Current situation

Fire season on ODF-protected land has officially ended in all of Oregon as cooler temperatures and moister conditions settle over much of the state. With the end of wildfire season in Oregon, firefighting resources are now more available. As a result, several public and private engines and crews have been dispatched to California to assist with the devastating wildfires there.































Wednesday, August 24, 2016

Wednesday, Aug. 24, 2016

Fires on ODF-Protected Lands

NEW FIRES OVER 10 ACRES
 
Mountain View Fire
A vehicle fire that spread to a hay trailer and then to wildland burned just over 20 acres of grass six miles southeast of Mosier yesterday. The fire was fully contained and mopped up late yesterday evening. Participating agencies assisting in the suppression effort included ODF, USFS and several rural fire departments.
 

UPDATE

2500 Road Fire
While the 222-acre 2500 Road Fire has been trailed, the fire remains uncontained. Crews will strengthen lines today in preparation for afternoon and evening off shore winds. About 280 personnel from across the state are assigned to the fire that is burning a few miles east of Depoe Bay. Cause is under investigation.
 
Cleveland Ridge Fire
The fire, located five miles north/northwest of Shady Cove, has reached 574 acres in size and is now 80 percent contained. 
 
Residents on Taylor Rd. and the West Fork of Trail Creek Rd. remain under a Level 2 (Set) Evacuation Level. Residents along Hwy. 227 from the junction with the West Fork of Trail Creek Rd. to address 6481 were also placed under the Level 2 alert. More than 40 structures are within the evacuation alert area.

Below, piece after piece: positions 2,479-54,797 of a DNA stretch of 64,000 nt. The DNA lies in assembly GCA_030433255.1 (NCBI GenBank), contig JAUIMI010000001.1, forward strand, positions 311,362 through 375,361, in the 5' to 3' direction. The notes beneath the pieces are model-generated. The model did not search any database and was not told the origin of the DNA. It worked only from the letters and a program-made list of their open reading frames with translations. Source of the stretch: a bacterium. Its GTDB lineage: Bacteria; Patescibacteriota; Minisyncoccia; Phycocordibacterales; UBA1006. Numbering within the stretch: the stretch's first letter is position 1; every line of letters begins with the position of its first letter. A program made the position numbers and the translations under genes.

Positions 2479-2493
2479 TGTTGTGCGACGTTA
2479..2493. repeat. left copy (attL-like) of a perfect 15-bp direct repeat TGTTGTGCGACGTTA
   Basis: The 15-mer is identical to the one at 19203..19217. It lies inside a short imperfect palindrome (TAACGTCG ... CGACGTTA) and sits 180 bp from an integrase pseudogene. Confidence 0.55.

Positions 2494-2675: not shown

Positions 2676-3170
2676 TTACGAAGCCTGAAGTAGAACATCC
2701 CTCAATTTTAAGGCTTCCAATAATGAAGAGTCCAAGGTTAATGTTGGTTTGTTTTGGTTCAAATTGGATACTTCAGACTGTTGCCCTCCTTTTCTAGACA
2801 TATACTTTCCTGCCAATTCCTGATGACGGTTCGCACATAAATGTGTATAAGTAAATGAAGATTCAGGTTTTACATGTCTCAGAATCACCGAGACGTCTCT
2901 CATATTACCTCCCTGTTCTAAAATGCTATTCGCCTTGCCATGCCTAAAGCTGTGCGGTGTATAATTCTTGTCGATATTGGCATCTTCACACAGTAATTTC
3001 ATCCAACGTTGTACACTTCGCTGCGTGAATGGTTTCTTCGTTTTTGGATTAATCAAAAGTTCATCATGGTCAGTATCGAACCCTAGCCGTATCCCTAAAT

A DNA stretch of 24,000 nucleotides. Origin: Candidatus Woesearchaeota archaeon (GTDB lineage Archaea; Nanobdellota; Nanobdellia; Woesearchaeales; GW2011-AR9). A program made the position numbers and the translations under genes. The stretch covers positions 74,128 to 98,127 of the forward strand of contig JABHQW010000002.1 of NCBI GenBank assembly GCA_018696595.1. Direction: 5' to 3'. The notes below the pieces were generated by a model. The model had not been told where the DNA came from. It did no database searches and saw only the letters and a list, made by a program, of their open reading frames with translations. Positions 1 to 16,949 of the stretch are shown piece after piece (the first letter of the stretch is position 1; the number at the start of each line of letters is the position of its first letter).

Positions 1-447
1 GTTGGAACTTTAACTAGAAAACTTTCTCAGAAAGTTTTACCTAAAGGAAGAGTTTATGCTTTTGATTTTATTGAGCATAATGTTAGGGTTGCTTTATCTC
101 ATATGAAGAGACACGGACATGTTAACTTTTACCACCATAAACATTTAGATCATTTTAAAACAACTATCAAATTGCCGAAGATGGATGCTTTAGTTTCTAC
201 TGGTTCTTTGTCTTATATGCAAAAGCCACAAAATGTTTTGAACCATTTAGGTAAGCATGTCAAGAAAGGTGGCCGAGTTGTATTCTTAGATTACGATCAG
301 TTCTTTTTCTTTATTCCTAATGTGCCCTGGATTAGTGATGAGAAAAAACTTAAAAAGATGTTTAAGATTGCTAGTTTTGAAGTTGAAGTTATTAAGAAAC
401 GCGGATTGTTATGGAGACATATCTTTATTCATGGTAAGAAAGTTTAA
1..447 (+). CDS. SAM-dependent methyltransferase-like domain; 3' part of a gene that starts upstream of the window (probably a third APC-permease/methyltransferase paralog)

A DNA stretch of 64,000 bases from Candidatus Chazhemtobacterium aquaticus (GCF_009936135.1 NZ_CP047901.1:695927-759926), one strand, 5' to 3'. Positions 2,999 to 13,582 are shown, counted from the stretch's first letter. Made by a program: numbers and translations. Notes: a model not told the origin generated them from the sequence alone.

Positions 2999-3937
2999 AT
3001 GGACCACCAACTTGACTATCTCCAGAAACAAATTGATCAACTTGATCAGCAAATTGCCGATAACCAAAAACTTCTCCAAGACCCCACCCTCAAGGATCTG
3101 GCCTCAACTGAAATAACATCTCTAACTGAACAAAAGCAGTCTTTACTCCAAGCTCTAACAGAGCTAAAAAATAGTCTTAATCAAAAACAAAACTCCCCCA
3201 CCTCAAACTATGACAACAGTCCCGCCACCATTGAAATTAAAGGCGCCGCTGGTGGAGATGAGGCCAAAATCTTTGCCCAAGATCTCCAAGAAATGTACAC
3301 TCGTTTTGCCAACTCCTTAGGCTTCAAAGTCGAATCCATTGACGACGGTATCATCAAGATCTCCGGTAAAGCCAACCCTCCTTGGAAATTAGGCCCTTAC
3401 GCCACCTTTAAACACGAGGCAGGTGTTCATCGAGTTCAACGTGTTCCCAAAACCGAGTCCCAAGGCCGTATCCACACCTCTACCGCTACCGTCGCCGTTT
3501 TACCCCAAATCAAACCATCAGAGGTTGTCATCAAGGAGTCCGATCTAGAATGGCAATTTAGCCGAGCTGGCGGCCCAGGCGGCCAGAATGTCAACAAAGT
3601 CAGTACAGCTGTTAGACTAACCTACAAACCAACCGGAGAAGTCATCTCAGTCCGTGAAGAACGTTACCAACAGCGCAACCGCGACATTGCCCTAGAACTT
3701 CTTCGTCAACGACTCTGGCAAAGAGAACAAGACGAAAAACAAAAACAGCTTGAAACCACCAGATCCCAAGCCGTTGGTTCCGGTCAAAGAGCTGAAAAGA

Cause is under investigation. Maps and additional information for the Cleveland Ridge Fire can be found at https://swofiredata.com.

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Comments and questions

The purpose of this blog is to provide breaking news about wildfire activity on the forestlands protected by the Oregon Department of Forestry. We invite you to post questions or comments you have about current wildfires. Please keep your posts civil and free of profanity. You are also welcome to contact us by email at: information@odf.state.or.us.

Current wildfire info

Cool, wet weather in the winter of 2016-17 ended Oregon's long drought and left a thick snowpack at higher elevations which will take some time to melt. However, even in non-drought years Oregon's warm, dry summers create conditions that allow for fire to start and spread. In an average summer firefighters still see almost a thousand fires on lands protected by the Oregon Department of Forestry.



What we do

Protection jurisdiction

The Oregon Dept. of Forestry protects 16 million acres of private and public forestlands from wildfire. This includes all private forestlands in Oregon as well as state and local government-owned forests, along with 2.8 million acres of federal Bureau of Land Management lands in the western part of the state. In total there are about 30.4 million acres of forest in Oregon.



Fire suppression policy

The department fights fire aggressively, seeking to put out most fires at 10 acres or smaller. This approach minimizes damage to the timber resource and fish and wildlife habitat, and protects lives and property. It also saves money. While suppressing large fires can cost millions of dollars, economic and environmental damage from wildfires can be many times greater.





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About Me

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Oregon Dept. of Forestry's public information officers in Salem, Ore., maintain this blog. During the wildfire season, we spend much of our time reporting on fires and firefighting to news media and the public.